cover of book
 

POTOMAC CANAL: GEORGE WASHINGTON AND THE WATERWAY WEST
by ROBERT J. KAPSCH
West Virginia University Press, 2007
Paper: 978-1-933202-18-1
Library of Congress Classification F187.P8K23 2007
Dewey Decimal Classification 975.2

ABOUT THIS BOOK | AUTHOR BIOGRAPHY | TOC
ABOUT THIS BOOK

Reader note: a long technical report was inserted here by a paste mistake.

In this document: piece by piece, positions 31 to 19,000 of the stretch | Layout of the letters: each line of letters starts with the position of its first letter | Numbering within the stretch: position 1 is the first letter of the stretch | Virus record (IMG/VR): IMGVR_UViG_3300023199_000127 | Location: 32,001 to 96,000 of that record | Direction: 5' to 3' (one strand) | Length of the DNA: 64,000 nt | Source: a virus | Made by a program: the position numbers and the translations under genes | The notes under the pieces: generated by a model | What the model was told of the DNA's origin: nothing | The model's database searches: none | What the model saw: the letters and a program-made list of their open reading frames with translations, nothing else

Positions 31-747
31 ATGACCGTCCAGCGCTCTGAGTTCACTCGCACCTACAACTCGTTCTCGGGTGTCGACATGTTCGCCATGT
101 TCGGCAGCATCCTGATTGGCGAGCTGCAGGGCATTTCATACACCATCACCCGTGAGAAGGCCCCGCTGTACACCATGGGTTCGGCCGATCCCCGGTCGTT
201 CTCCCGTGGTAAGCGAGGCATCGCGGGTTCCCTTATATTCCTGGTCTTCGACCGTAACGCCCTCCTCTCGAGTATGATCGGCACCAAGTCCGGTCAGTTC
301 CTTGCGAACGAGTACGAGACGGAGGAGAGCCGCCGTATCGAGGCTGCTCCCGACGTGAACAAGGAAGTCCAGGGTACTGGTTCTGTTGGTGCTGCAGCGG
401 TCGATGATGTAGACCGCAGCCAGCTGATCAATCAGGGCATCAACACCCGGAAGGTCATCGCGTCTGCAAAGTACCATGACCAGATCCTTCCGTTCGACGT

The Potomac Canal: George Washington and the Waterway West is a history of a new nation’s first effort to link the rich western agricultural lands with the coastal port cities of the east. The Potomac Canal Company was founded in 1785, and was active until it was overtaken by the Chesapeake and Ohio Canal Company in 1828. During its operation, the canal system was used to ship flour from mills in the foothills of Appalachia to the tidewater of the Chesapeake, where the flour was shipped to the Caribbean as trade for sugar and other goods. This trade soon became the basis of agricultural wealth in West Virginia’s eastern panhandle and throughout the Appalachian Piedmont. Coal was also shipped via the canal system from the upper reaches of the Potomac River to workshops at Harpers Ferry and beyond. This industrial trade route laid the foundation for what would eventually become the Chesapeake and Ohio Canal and the Baltimore and Ohio Railroad.


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